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mark211Favourite non-fiction reading?2017-05-22 12:38:43
mark211Last week, the discussion the question was "Doing accurate research for your SFF writing?" and there seemed to be a general consensus that actually, yes, it is very important. For instance, Rick Tornello agreed with a writer he had seen at a conference who had said that he needed: "a warehouse full of research notes for a bout a few paragraphs". On a similar theme, Meghashri noted that "research should be done, but not seen" and GordonRowlinson said that he had "a goal of making my stories as accurate and realistic as possible".2017-05-22 12:44:41
mark211But it was a comment from IronSpider that has prompted this week's question. IronSpider said "I consider most of my non-fiction reading to be research, whether that be books, journals or online sources". And I think I would very much agree with this. So with that in mind, what have been some favourite non-fiction reading that you have been doing? Is there any non-fiction reading that you have applied directly to a story of yours? Be sure to share your ideas below.2017-05-22 12:46:31
IronspiderNot sure I have a favourite non-fiction book, though I suppose 'A Dictionary of Fairies: Hobgoblins, Brownies, Bogies and other Supernatural Creatures' by Katharine Briggs helped foster my interest in folklore. 'Rifles: Six Years with Wellington's Legendary Sharpshooters' by Mark Urban is another that pushed me to write, though my output wasn't directly linked to Urban's book. My current non-fiction reading is 'The Vikings' by Magnus Magnusson, which I intend to follow with 'Sagas of the Icelanders' by Jane Smiley. I have no specific reason for reading these, other than a general interest - I've read a number of 'saga' books previously. Usually my 'research' reading isn't a conscious choice, I just come across a book that interests me; whether it sparks any ideas tends to be a matter of chance.2017-05-23 04:47:22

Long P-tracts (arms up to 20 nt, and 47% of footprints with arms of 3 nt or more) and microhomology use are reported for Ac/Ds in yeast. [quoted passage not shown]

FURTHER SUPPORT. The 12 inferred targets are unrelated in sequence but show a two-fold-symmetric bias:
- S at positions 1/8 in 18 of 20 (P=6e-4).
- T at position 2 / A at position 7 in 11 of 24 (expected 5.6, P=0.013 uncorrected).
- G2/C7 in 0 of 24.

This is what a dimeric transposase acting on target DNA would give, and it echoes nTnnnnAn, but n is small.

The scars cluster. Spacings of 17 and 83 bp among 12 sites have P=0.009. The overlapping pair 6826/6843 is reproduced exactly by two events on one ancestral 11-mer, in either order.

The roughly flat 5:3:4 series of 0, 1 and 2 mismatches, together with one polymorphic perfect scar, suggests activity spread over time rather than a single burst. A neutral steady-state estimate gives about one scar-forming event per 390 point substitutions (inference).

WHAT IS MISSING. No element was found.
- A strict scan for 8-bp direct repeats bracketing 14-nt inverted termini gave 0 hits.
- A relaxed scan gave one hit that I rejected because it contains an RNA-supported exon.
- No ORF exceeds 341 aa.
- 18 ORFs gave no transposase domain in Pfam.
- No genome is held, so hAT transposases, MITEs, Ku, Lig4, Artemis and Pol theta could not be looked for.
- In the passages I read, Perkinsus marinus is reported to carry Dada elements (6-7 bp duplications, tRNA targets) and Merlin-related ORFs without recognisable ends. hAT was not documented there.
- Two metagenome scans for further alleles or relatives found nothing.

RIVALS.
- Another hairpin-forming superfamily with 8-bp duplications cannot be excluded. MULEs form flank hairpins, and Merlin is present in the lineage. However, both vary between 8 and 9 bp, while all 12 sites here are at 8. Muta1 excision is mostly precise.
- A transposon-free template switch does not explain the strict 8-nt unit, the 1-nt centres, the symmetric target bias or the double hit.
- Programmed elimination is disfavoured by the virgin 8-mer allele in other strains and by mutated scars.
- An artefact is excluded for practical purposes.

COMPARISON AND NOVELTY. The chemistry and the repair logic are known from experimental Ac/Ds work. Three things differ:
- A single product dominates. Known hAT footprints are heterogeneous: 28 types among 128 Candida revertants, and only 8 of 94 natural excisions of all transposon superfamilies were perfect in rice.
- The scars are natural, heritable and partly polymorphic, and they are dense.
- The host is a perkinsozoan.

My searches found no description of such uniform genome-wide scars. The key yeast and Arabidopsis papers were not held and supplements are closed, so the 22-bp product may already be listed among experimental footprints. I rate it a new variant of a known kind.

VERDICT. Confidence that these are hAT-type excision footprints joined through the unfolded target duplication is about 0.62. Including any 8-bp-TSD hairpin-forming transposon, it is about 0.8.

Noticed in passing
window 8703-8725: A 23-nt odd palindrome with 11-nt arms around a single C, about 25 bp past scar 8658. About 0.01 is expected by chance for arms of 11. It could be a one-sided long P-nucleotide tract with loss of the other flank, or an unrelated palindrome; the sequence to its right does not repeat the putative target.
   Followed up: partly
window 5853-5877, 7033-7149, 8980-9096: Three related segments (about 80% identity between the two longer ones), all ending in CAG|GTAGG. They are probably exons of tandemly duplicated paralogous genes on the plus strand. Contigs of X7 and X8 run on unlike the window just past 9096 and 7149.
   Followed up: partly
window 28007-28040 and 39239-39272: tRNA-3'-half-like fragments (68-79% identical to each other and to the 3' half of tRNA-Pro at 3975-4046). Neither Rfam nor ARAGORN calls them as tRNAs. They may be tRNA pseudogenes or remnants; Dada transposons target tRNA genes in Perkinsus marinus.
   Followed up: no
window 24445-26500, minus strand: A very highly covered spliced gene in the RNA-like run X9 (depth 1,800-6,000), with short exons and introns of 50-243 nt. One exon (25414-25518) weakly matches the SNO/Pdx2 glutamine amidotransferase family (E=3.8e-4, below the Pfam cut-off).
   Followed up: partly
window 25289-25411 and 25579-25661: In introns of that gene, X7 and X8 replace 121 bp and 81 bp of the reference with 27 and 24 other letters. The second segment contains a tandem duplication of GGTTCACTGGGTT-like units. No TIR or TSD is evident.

GordonRowlinsonI'm a big fan of Ken Follett. I guess I like a historical drama where you go back to another era. Being largely ignorant of WW I history, I found I learned a lot about the war in Fall of Giants. I was disappointed with Edge of Eternity, as the telling of history seemed to take center stage other the books characters.2017-05-24 08:50:04
WessonPersonally, I think we're overdosing on realism right now. I know I'm probably in the minority on this one but stories obsessed with accuracy and such come off as boring to me. When I write I try to us ideas that are zany and campy rather than realistic, they have more of an impact to me. 2017-05-24 10:20:46
micheledutcherOkay I confess: I am reading Mars and Venus on a date. Although actually having a good relationship with a male might seem like fiction, I hear that humans can have successful relationships with other humans. Wish me luck. I have been married and divorced 4 times but haven't been on a date in over a decade. 2017-05-28 06:51:50
GordonRowlinsonGood luck Michele! Born To Run by Bruce Springsteen. When he was cutting his first record, he was so poor he was sleeping on the floor of a spare room in a friend's apartment. When you read a biography, you learn what the person is like.2017-05-28 09:11:51





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